Stack Tracking

The goal of this lab is to practice predicting the behavior of programs using the stack model of computation.

Note: "stack tracking" can also be called "stack tracing" or simply "tracing" a program.

Exercises

For each of the following programs, give the state of the stack and what has been printed to the console at each of the commented program points (e.g., write five stack diagrams for program 1 below). Make sure to reproduce your diagrams exactly for each program state!

Note that it's common to abbreviate the program counter as simply PC. You may set the program counter to be one line after the comment.

(Hint: the labels are in order of where execution flows through the program!)

Program Exercise 1

void                //  1
f1 (void) {         //  2
    printf ("0");   //  3
    // Point (B, D) //  4
}                   //  5
                    //  6
void                //  7
f2 (void) {         //  8
    printf ("1");   //  9
    // Point (C)    // 10
    f1();           // 11
    printf ("2");   // 12
}                   // 13
                    // 14
int                 // 15
main (void) {       // 16
    // Point (A)    // 17
    printf ("3");   // 18
    f1();           // 19
    f2();           // 20
    // Point (E)    // 21
}                   // 22

Program Exercise 2


void                    //  1
f1 (void) {             //  2
    printf ("0");       //  3
    // Points (A, C, E) //  4
}                       //  5
                        //  6
void                    //  7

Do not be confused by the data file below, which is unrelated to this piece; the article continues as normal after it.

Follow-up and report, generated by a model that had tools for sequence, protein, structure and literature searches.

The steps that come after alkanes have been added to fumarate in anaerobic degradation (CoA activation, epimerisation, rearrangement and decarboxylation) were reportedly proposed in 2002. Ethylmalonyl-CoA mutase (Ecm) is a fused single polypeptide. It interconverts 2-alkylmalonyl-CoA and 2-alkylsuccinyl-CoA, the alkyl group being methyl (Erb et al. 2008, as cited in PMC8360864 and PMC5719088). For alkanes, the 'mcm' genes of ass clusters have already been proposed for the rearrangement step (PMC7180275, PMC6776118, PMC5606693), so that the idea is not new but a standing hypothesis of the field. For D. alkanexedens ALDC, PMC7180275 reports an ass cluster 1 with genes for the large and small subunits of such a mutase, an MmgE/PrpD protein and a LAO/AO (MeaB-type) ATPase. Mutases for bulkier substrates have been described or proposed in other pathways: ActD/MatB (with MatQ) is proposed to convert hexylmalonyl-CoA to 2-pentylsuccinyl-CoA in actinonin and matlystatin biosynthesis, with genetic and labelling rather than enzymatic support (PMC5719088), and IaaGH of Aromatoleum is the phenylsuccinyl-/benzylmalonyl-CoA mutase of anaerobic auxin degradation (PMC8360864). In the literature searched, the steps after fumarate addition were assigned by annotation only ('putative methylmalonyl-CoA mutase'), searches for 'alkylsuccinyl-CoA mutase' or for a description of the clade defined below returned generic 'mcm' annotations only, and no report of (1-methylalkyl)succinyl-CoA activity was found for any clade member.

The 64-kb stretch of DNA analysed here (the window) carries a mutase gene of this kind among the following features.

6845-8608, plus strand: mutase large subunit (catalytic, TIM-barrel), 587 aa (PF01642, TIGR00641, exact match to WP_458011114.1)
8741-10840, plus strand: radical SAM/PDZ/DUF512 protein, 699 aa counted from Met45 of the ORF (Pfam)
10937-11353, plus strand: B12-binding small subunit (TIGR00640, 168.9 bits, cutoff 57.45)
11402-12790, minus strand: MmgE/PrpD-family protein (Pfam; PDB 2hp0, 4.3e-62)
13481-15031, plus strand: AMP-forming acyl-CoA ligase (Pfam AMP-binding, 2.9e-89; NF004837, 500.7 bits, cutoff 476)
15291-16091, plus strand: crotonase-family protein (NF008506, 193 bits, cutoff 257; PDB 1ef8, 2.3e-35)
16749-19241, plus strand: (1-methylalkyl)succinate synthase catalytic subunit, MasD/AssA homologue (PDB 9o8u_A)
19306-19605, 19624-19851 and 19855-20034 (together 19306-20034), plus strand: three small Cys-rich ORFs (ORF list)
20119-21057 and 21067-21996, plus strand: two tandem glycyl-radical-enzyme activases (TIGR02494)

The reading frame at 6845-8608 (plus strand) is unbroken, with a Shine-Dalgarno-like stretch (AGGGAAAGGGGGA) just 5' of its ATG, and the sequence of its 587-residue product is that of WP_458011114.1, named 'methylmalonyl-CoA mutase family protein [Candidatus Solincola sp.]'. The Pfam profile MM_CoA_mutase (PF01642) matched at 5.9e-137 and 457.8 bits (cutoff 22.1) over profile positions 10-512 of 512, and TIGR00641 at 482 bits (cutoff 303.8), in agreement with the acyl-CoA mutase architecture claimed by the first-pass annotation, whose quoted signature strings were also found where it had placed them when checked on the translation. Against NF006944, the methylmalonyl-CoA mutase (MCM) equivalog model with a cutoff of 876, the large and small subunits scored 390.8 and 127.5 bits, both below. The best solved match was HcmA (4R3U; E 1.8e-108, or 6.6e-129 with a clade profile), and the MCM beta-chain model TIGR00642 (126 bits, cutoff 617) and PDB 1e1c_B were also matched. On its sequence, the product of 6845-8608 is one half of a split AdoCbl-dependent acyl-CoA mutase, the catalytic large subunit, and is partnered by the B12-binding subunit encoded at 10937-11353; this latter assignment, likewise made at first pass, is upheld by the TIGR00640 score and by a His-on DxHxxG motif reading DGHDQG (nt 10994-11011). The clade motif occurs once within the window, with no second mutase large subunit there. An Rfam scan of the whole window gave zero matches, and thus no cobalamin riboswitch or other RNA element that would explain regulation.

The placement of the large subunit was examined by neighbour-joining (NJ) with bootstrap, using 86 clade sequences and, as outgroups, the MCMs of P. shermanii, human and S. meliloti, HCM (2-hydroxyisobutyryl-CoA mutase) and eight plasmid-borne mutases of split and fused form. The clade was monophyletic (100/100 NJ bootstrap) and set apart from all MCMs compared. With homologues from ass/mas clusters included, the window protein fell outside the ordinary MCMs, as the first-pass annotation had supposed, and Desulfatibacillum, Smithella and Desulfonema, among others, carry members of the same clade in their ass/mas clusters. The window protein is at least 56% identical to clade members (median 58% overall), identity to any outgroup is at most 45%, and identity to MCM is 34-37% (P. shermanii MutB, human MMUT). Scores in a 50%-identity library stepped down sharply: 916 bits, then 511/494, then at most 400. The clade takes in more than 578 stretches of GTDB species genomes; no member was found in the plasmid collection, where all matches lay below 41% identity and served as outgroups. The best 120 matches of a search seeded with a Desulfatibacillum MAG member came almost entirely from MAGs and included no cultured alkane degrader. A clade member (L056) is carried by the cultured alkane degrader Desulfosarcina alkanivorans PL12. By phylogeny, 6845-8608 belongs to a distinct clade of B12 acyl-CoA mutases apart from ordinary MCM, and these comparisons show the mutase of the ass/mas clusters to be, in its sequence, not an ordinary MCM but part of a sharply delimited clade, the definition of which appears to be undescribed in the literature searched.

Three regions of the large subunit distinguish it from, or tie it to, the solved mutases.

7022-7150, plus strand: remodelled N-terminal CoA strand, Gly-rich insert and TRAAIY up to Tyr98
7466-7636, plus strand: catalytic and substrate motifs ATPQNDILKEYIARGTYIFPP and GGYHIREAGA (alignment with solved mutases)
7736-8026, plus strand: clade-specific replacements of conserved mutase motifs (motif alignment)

f2 (void) {             //  8
    // Points (B, D)    //  9
    printf ("1");       // 10
    f1();               // 11
}                       // 12
                        // 13
void                    // 14
f3 (void) {             // 15
    f2();               // 16
    printf ("2");       // 17
}                       // 18
                        // 19
int                     // 20
main (void) {           // 21
    printf ("3");       // 22
    f1();               // 23
    f2();               // 24
    f3();               // 25
    // Point (F)        // 26
}                       // 27

For those with extra time

The previous lab demonstrated this particularly atrocious program segment:

int a = 2;
int b = 4;

a /= (b++) % (++a);

printf("%d\n",a);
  1. Fully parenthesize the assignment statement.
  2. Combine the stack and substitution models by tracking the value of all the local variables as each subexpression is evaluated. Clearly identify which subexpression is evaluated at each step.
  3. If you have not already, verify your final answer is correct by compiling and running this program segment.
This is a derivative work of Mental Model Exercises, by Titus Klinge and Peter-Michael Osera, used under a Creative Commons Attribution-NonCommercial 4.0 license.